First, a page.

You can tell when the music is going to turn right because it slows down...You can tell when the music is going to turn right because it slows down...When I was learning to drive, my father gave me the advice that you shouldn’t rely on other cars’ indicators to work out what they were going to do, but instead take note of their road position and speed. It’s quite possible for someone to have failed to cancel their indicator, or for them to think they are using it, but the bulb has gone, and if you rely on that misleading information to make decisions, you could cause an accident. So, he taught me, make your judgements about what other drivers are likely to do by seeing how they’re driving, and look at the indicators for confirmation. Likewise, drive in such a way that other drivers can tell what you’re going to do.

Much the same principle, historically, applies to dynamic markings in music. Musical shape (texture, harmony, voicing, contour) tells you a lot about how you should perform the music if you attend to it. Rose Rosengard Subotnik wrote about the proliferation of sforzandi in Beethoven’s music as indicating a ‘loss of semiotic certainty’, reflecting a need to add extra, paramusical information about the ‘how’ through a fear that it would not otherwise be played as it should be. Those 19th- and 20th-century editors who littered older music with extra layers of instructions likewise seem to evince a mistrust of performers’ judgement.

Training Conductors and Musicianship

Traditionally, conductors in the UK had very little training in actual conducting. The general belief was that being an outstanding musician was the prerequisite, and that those who were truly outstanding would rise into the profession by magic. (What in fact of course happened was that those with egos big enough to believe they were that special volunteered and learned on the job, while the more self-deprecating musicians let them get on with it.)

These days there is rather more opportunity actually to learn some conducting technique, which has to be good for the musical life of the country. (Though the infrastructure is still nothing like as developed as it is either in the US or northern Europe.)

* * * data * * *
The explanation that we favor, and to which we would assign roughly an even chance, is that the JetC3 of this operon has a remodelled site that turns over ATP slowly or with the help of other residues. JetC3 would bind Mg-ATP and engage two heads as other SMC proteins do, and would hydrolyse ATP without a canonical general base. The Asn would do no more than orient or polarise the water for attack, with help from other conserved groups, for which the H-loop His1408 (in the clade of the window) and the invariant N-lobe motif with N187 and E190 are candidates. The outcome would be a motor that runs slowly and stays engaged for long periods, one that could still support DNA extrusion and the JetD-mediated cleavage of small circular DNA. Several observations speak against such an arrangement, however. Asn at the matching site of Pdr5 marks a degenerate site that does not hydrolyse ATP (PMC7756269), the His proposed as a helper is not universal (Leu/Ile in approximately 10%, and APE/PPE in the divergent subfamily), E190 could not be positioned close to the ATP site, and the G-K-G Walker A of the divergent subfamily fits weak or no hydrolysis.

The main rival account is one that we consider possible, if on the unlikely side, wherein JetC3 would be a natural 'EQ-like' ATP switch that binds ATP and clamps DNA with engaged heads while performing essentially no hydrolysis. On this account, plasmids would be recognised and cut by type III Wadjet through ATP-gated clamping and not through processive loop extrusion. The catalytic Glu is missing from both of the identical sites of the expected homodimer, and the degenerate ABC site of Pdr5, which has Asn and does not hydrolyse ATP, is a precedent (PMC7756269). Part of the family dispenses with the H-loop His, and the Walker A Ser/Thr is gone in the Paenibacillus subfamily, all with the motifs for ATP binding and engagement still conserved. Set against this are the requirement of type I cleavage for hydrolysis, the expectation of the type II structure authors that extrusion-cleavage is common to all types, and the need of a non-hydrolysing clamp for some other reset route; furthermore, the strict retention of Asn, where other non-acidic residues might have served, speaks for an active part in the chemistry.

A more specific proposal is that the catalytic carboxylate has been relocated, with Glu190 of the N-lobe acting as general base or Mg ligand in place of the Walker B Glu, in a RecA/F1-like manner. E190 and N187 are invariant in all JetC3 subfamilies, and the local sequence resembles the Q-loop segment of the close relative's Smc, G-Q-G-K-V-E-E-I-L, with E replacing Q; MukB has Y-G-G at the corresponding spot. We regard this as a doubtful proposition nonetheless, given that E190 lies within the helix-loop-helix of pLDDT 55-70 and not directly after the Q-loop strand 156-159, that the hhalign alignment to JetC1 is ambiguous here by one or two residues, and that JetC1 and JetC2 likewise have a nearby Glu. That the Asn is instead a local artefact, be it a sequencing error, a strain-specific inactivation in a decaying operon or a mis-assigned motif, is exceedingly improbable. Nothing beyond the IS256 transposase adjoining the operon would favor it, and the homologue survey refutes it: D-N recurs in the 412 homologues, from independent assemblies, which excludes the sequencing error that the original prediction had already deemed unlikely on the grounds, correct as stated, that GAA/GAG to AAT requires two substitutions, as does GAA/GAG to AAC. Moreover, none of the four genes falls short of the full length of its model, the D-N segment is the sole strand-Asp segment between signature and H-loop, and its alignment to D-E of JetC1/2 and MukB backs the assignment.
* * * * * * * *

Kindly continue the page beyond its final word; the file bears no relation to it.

But the old approach did at least have something useful to recommend it: the insistence that the central skill of conducting was in musicianship. Conductors were people with advanced training as instrumental performers and/or composers, which had necessarily entailed in-depth study of the stuff of music. They may have come to stick technique comparatively late, but had the foundation of aural, harmonic and rhythmic skills already built in.

The Dangerous Power of the Conductor

MahlerThe power dynamics of choral directing is a significant theme in my second book, which I explored using Foucault’s ideas of discipline and surveillance. It is a subject I have been mulling over again recently, in the light of a comment from Mark on my post about non-musical things choir members can do to transform their choir. Mark expressed a not unreasonable wish that directors would offer a quid pro quo of courtesy towards their singers.

There are interesting things to be explored here about the social contract of the choral rehearsal, but the thing that leapt out at me first from Mark’s words was the depth of feeling behind them. Directors have such a power to affect the experience and emotional state of the people they conduct, and I am not sure that we always remember this.

Drawing Lines in the Sand

lineinthesandA conversation with a director I had been doing some mentoring work with recently got me thinking about the question of the circumstances in which a director should draw a line in the sand. Metaphorically, that is. The only circumstance I can think of when you might need to do that literally would be if you were rehearsing on a desert island and didn’t have any manuscript paper.

The circumstance the director was dealing with was a singer who had a medical condition that was manifesting in ways that interrupted both rehearsals and performances. It was potentially treatable, but she wasn’t at that point engaging with the treatment, which in the first instance did rather diminish the sympathy I felt.